Want To Talk Race Matters? Just Honky Out Loud!

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When I was invited to review a play entitled, “Honky” taking place at Urban Stages, located at 259 West 30th Street in Manhattan, naturally I was quite curious. The word “Honky” as all know, is generally associated with a derogatory term used to address Caucasians. 

However, as I see it, Honky is a term which musters little gas to drive the hate machine.  In fact, I rarely hear the word used.  It certainly doesn’t have the power that the “N” word holds, so I thought to myself, what’s this play about.  As it turns out, it’s a dark comedy written by Greg Kalleres, a Caucasian playwright interested in and attempting to explore the muddied waters of racism.

Directed by Luke Harlan, “Honky” is about the tug of war between Thomas, a Black shoe designer, (played by Anthony Gaskins) and executives of a White advertising agency that discover they can exploit consumers by selling them Thomas’s sneakers using the selling point that these sneakers are so desirable, people are willing to kill to get them. 

After a young Black teen is killed for his trendy basketball sneakers, called SKY MAX, Davis, (Phillip Callen) the CEO of the shoe company that distributes the shoe, decides the shoes which were primarily being marketed to the Black population, were becoming a hit with white teens since their ad campaign made the shoes a trendy must-have shoe.

Davis can’t contain his glee as he sees mucho dollars could be made off Black gang violence.  Blinded by money and little conscious, Davis enthusiastically informs Thomas that his Sky Max shoes, originally designed for the urban market, would now be expanded to the White market.  Davis does not understand why Thomas is not excited by the opportunity to widely distribute his shoes to both markets. 

In some sense, Thomas feels he is losing control over his design and his intent to give the Black consumer something exclusively made for them. Meanwhile, Peter, the White ad executive portrayed by Dave Droxier, feels guilt over the death of the Black teen, blaming himself for writing the Sky Max ad.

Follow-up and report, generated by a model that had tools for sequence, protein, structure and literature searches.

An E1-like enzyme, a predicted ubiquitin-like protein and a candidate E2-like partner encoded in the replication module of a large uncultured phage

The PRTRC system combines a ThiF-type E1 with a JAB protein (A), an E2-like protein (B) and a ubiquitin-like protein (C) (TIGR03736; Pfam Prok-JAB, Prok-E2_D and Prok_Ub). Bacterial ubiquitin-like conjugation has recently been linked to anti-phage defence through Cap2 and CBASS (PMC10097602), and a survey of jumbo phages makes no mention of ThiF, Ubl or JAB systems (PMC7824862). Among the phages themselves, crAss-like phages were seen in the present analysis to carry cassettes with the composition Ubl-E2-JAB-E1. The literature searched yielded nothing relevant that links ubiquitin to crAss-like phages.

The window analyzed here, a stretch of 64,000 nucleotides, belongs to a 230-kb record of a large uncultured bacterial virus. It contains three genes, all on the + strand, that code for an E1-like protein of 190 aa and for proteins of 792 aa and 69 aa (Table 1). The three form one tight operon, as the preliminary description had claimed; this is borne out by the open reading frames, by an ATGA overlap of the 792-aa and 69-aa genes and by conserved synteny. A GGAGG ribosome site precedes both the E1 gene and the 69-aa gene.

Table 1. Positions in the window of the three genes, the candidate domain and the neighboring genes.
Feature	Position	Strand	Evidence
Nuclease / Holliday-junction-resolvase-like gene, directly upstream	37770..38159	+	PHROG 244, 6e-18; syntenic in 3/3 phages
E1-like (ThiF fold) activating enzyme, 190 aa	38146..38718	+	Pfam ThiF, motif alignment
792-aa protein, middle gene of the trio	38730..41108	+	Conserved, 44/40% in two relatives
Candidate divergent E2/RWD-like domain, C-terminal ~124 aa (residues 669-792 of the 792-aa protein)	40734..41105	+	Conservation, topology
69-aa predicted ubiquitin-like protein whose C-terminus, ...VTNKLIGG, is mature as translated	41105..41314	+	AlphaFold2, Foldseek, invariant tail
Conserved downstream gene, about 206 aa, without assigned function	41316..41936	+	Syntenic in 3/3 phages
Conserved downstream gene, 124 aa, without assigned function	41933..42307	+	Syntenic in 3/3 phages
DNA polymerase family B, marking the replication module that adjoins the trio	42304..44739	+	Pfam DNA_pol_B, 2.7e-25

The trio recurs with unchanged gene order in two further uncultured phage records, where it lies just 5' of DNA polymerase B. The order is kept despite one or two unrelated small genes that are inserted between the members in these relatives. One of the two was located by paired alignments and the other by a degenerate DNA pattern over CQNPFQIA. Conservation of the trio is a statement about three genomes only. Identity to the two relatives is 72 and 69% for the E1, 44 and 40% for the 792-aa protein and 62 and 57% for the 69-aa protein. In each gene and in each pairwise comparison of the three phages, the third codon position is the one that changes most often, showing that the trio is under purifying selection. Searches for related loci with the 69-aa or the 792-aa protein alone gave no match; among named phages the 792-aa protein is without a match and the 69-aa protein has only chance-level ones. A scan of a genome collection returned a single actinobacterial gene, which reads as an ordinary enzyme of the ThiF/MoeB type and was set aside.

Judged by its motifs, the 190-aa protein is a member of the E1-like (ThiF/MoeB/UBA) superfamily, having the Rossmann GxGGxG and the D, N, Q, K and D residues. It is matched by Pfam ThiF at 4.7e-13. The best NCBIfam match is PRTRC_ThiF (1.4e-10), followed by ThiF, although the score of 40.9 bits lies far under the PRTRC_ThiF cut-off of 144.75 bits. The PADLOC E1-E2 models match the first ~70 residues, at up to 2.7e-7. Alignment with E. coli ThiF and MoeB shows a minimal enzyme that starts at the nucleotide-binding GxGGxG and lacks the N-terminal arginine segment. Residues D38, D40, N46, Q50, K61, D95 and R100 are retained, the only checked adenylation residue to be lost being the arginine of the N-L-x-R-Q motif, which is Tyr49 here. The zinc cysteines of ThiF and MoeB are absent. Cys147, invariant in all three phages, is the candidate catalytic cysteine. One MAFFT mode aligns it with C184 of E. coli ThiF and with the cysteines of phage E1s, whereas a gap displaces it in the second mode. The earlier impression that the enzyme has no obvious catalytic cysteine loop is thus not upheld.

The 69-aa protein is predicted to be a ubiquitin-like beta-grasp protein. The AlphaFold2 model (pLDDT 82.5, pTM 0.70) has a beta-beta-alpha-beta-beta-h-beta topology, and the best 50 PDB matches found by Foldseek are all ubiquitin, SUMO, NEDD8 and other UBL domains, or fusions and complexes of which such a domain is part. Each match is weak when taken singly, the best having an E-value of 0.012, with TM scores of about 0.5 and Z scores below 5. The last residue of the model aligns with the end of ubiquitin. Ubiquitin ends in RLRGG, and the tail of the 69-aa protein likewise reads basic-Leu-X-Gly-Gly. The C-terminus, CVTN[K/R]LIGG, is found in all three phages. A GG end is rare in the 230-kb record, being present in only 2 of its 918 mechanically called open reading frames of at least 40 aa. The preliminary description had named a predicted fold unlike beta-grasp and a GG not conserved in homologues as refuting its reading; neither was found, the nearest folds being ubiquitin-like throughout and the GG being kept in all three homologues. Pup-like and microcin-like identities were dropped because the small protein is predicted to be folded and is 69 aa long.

He conveys this fact to his gabby girlfriend Andie (Danielle Faitelson), whose often indiscrete mouth gets her in trouble.  She informs him the shoes are ugly and Black folks are always killing each other over something or other, so why would he think his ad was responsible.  She tells him he is making money, so what’s the problem. Coincidentally, Andie later sees Peter as weak and directs her attention towards Thomas.

Chocolate and vanilla do make for a tasty dish and before long, Andie is hooked on chocolate.  So much so, she is willing to do whatever it takes to keep her Black lover, even promising to keep her mouth shut. 

Unaware he has lost his girlfriend, but no longer feeling their closeness, Peter sees a psychiatrist to deal with his guilt, only to find his psychiatrist (Arie Bianca), is a woman and Black. As it turns out, Emilia, the psychiatrist, has her own issues since her practice is mainly comprised of White clients, whose issues hardly compare to the issues of her people, so she had to put on a smiling face each day when she literally feels like screaming. Emilia needs a chill pill.

Via his play, Kalleres makes an attempt to deal with the issues of race and how race is often used by advertising agencies to sell a product.  The playwright also addresses the issue of White guilt, albeit on a surface level.  What is Kalleres amusing solution to resolve the problem of racism? Why take a pill!

Again, advertisers find a way to profit by offering racists, and racists in denial, a way to resolve White guilt.  But they don’t stop there… Black people can take the pill too.  However, Black folks take the pill to escape the oppression of racism. 

Step right up ladies and gentlemen, get your solution -- take Driscotol, the new cure-all for racism and all the ugly feelings that come along with it.  Via his pill, Dr. Driscotol, assures racist that even if they think they are not racist, they are.  But don’t worry, just one daily capsule is guaranteed to eliminate all the deep-seeded hatred and ignorance of racism.  You are hereby absolved.

Honky is unique in its scope and the sets are imaginative.  It certainly is a play that warrants discussion.  And really, any discussion that can delve into an issue so deeply sown into the fabric of America is well worth exploring.  After the play there is an opportunity to speak your mind and who knows, maybe a lesson can be learned by all.

 

 

 

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